Dawn from Decorated Shed talks about small but perfectly formed garden buildings:
A new exhibition called Architects Build Small Spaces has opened in the Victoria and Albert museum in London. Architecture as an art form is showcased in pieces that range from the flamboyant to the quirky. Because architecture defines the space we occupy, be it inside and out; its scale in comparison to other buildings and ourselves can invite curiosity, inspire awe or instil affection. The pieces that form the exhibition demonstrate various designs that focus upon the idea of refuge and retreat. Decorated Shed garden building’s scaled-down design allows for an individual to occupy a space more fully, as opposed to a cold, hollow-like area of lofty space; a garden studio construction is almost a cosy burrow. Instead the small scale allows room that can serve as a leisure, office or living area, without drowning in empty space that can amplify the feeling of loneliness. Garden studios that are nestled neatly into an outdoor setting, serve as a precious gem that houses a genial atmosphere.
Architecture is responsible for exhibiting art on a grand scale. When the tradition of buildings, as large scale murals is compressed, fascination seems to gather to inspect the new dimensions. The affect is similar to opening Russian dolls, as the size decreases, the anticipation increases until you are left with the smallest doll which seems to possess an almost revered status. The same applies to objects, especially ones that are ordinarily large. It seems that the innate desire to nurture small objects comes into play, making the Decorated Shed garden buildings a prized possession that will enliven a desire to pay it special care and attention.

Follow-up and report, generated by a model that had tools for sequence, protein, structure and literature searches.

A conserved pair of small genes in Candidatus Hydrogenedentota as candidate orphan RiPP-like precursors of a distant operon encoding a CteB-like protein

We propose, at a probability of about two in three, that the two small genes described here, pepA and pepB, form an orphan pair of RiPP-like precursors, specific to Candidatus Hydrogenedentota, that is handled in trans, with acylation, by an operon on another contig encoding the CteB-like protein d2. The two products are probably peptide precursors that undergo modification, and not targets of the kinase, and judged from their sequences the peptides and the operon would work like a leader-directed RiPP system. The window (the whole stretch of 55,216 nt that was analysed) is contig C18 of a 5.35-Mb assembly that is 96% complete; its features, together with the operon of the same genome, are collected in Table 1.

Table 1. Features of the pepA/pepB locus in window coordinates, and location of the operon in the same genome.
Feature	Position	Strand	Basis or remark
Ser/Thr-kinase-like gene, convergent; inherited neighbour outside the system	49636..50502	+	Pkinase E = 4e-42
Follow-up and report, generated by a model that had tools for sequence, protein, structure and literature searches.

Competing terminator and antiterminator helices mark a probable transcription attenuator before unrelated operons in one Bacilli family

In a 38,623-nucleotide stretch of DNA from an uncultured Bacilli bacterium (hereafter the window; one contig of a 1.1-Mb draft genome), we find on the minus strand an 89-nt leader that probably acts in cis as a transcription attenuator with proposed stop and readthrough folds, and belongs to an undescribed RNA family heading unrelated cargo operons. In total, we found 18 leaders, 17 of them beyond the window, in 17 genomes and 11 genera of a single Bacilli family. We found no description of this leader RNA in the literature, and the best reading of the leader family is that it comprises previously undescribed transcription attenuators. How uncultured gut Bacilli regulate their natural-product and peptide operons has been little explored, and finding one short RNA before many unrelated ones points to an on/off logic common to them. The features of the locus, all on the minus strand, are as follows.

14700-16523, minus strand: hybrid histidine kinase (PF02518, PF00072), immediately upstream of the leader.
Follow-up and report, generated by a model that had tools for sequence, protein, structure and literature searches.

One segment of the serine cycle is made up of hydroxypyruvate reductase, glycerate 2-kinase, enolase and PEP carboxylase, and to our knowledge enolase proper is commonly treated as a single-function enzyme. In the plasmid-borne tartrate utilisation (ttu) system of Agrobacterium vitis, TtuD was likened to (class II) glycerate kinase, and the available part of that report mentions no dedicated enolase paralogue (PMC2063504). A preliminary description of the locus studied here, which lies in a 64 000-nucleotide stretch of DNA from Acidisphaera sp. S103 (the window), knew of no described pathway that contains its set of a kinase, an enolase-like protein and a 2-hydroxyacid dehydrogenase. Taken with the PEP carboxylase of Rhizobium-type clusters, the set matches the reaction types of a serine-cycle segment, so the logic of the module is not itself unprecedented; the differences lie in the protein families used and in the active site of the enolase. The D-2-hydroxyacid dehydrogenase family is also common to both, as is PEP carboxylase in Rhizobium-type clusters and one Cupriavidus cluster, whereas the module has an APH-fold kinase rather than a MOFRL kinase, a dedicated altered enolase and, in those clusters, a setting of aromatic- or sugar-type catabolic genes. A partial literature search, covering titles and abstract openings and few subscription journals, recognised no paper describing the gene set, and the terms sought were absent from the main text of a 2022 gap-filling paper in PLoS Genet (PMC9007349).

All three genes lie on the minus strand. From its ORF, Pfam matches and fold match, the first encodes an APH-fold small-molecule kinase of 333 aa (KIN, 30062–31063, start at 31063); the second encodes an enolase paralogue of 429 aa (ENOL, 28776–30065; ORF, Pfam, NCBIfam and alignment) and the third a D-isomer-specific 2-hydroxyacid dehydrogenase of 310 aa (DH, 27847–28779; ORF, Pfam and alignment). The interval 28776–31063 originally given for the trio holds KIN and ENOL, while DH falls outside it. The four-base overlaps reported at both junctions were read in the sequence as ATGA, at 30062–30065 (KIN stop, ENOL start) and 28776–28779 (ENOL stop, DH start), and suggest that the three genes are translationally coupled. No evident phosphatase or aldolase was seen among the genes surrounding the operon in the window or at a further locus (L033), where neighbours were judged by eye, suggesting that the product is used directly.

Scale can also affect feeling. This is true in art exhibitions, as an enlarged portrait may insight fear or unease compared to a smaller counterpart. The way we respond to objects is dependent partly upon scale. Emotion or feeling can be directly associated with scale, as our own size is measured to an object, as well as our affinity or relationship to it. Decorated Shed garden buildings provide an instant connection as their affable size and shapes lull the viewer into an appreciative state.
The Inside/Outside Tree that appears within the exhibition examines the idea of thresholds. The Japanese piece explores the idea of the ‘engawa’, which refers to the platform that separates the house from the garden, focusing on in-between states. Decorated Shed garden buildings manage to exist upon the threshold of indoor and outdoor living, which almost acts to grant a sense of escapism, where in-between environments act as a separate portal of existence. The idea that each room or threshold you enter can create a new feeling is central to architecture’s interactive characteristics that promote exploration. Being under, inside or outside a building’s structure can produce a range of feelings through the angles, light and proportions that are experienced.
Although large artworks are often first to be visited in a gallery, it is usually the smaller ones that many notice as a hidden treasure amongst other bolder works, taking the most time to examine its engineered beauty. By examining each detail thoroughly, the small scale artwork inspires the most intrigue.
The idea that detail and quality seem to be more apparent on small scale objects is confirmed by the old adage ‘small but perfectly formed’. Instant impact is certainly coupled with grand scale displays that quickly lose their initial appeal, while instant intrigue is a response associated with smaller creations, which is quickly replaced by increasing affection.
For more information about Decorated Shed buildings visit their website.
Copyright photo @ 2010 http://www.vam.ac.uk/collections/architecture/smallspaces/exhibition